The Capesize market continues to go from strength to strength, as rates reach highs not seen since September last year. The rally is predominately off the back of the Atlantic Basin crying out for more tonnage. Atlantic charterers from Eastern Canada and Norway are seen to be paying large voyage rates to deliver their iron ore product to China. Iron ore prices have come off recent highs, yet the levels still remain a bonus for miners looking to take advantage – freight costs are an after-thought. The Atlantic Basin Transatlantic C8 broke through the $30,000 level with ease, settling the week at $36,225. The Pacific Basin C10 had more of a struggle in gaining ground with a lull midweek, before closing Friday at $33,529. Voyage routes all posted gains – although price discovery was difficult across the board with rumour and speculation playing a big roll. The West Australia to China C5 gained exactly $1 to settle at $10.723 while the Brazil to China C3 dipped for most of the week before lifting Friday up $0.83 cents to settle at $20.75.
The Panamax market initially appeared sluggish with rates in Asia slowly falling throughout the week. In contrast, the Atlantic – and in particular the north – held firm for the most part. By midweek it saw some significant pick-up in activity from South America, which sustained as the week ended. With talk of a healthy grain crop to come from the Black Sea for the second half of July and August, this appeared to support the market in many areas. And, with a large push from FFA’s and Capesize rises on Thursday, sentiment quickly turned positive. Trans-Atlantic rates for index duration picked up from mid $12,000’s to $13,000 by the end of the week. Meanwhile, the quicker Baltic round trips to Med/Continent featured at around the $15,000 mark. In Asia, despite a lack of fixing volume, mean rates for NoPac rounds for 82,000dwt pegged at approximately $9,500 levels.
The overall market was split between the basins with the Atlantic gaining momentum, whilst Asia and the Indian Ocean dampened. Little in the way of period activity surfaced – but a 56,000-dwt open Fujairah fixed four to six months, trading in the mid $12,000s. As the week ended, stronger rates were seen in the Mediterranean and Black Sea areas. A 63,000-dwt fixing in the upper $16,000s basis delivery Canakkale for a trip far east. Brokers also commented that from the US Gulf, Ultramax size vessels were seeing around $15,000 for trans Atlantic runs. Demand in the Indian Ocean weakened a little. However, a 55,000-dwt fixed delivery Singapore trip – via east coast India – redelivery China at $9,000. Rates for Indonesian coal runs were also lower than of late. A 58,000-dwt fixing delivery Vietnam trip via Indonesia redelivery west India in the low $4,000s. Further north a 57,000-dwt fixed delivery CJK trip redelivery west coast India at $3,000.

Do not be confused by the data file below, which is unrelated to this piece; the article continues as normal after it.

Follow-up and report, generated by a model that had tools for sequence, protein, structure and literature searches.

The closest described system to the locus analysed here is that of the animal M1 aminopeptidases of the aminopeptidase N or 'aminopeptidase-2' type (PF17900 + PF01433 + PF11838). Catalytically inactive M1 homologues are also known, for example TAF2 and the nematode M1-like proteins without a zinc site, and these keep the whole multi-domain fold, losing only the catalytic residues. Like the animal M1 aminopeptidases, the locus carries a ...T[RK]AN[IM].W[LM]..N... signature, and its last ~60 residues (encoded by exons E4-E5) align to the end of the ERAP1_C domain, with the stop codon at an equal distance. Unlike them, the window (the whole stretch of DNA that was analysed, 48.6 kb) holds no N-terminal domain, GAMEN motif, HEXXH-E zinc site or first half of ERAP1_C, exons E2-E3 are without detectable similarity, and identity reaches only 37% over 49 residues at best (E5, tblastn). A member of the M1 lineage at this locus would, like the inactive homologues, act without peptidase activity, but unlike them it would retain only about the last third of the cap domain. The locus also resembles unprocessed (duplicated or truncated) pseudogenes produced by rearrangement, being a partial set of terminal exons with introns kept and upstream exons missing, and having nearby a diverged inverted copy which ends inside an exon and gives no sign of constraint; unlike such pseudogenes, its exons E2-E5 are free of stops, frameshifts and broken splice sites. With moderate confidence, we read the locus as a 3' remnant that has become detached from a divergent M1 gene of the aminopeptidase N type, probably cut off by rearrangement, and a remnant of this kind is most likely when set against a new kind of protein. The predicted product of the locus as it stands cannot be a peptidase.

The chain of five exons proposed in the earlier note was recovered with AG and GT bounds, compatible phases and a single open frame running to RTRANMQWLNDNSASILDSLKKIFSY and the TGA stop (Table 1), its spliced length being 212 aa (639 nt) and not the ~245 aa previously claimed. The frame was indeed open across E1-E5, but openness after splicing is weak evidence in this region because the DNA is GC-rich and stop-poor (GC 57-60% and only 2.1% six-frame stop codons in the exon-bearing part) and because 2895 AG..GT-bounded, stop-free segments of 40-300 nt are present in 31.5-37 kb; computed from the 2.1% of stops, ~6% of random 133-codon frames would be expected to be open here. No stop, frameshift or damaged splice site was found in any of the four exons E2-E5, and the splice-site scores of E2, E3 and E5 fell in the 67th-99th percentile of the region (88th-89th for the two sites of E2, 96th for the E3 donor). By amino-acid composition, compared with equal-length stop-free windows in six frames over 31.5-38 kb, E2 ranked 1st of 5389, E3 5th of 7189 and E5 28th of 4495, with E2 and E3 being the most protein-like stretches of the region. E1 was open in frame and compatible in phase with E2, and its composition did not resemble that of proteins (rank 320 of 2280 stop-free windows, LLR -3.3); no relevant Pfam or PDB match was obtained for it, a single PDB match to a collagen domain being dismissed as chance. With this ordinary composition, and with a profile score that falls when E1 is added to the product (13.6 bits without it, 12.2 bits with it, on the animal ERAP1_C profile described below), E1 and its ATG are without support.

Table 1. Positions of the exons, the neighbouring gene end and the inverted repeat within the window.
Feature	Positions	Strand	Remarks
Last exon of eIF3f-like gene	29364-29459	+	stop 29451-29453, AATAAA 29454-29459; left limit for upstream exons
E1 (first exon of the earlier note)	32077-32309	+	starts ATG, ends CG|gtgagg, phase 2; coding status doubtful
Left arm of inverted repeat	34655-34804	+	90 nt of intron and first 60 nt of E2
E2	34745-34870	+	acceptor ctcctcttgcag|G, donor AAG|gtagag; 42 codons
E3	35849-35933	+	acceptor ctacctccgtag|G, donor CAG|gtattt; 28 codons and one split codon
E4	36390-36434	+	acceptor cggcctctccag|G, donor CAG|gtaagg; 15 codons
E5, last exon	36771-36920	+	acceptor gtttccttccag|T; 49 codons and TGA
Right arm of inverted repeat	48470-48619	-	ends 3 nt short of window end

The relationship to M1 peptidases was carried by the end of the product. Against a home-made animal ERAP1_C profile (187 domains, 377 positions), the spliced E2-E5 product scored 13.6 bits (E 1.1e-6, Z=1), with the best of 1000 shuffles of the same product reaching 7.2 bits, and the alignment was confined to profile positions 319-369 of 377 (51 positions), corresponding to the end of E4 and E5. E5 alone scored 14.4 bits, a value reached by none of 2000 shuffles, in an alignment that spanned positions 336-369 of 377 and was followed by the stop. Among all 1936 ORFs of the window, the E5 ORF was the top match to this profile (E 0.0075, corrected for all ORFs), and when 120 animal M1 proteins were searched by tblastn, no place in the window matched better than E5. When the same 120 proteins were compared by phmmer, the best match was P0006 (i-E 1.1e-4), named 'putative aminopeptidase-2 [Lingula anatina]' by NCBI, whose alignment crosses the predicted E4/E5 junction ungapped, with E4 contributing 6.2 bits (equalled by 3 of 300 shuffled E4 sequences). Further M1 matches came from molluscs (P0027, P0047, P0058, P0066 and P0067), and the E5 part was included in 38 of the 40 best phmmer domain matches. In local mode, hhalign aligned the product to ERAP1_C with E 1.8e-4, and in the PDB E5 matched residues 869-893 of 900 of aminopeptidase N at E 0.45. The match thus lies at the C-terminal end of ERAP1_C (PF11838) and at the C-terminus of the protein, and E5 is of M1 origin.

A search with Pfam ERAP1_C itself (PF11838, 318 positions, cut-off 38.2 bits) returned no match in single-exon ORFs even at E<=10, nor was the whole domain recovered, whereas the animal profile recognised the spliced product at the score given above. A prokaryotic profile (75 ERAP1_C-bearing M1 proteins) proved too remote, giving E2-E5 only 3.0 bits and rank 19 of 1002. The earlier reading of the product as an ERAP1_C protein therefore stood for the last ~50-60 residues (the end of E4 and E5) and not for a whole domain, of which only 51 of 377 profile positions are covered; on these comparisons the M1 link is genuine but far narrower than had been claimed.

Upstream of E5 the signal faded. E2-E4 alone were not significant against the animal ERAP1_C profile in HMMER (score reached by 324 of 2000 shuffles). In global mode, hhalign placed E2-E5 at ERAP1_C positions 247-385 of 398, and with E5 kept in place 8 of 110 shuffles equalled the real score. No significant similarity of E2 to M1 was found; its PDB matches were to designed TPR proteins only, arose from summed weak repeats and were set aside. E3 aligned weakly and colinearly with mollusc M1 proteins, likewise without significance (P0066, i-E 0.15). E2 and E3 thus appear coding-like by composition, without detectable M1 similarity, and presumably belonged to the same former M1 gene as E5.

The BHSI climbed above 400 points this week, which was last seen during end March this year. East coast South America was the brightest spark. The HS3 route for transatlantic run achieved a $10,000 benchmark basis for a Baltic 38,000-dwt vessel. However, signs of softening showed in the east, whilst some Pacific route indices started declining. On the period front, a 37,000-dwt open Hamriya next week was fixed at $11,750 with redelivery in Persian Gulf / China range – but the duration was not clear. A 34,000-dwt open Canakkale in mid July was fixed for a trip via the Black Sea to Southeast Asia at $11,500. Meanwhile, a 28,000-dwt was booked for two laden legs Brazil coastal run at $8,750, basis Praia Mole delivery and Paranagua-Rio Grande range for redelivery. Lastly, a 32,000-dwt open New Zealand was fixed for moving logs back to Singapore-Japan at $7,500. A similar-sized open in Vietnam was fixed to Bangladesh at $6,750 and another Handy open CJK was fixed via CIS to China at $6,300.
Source: The Baltic Briefing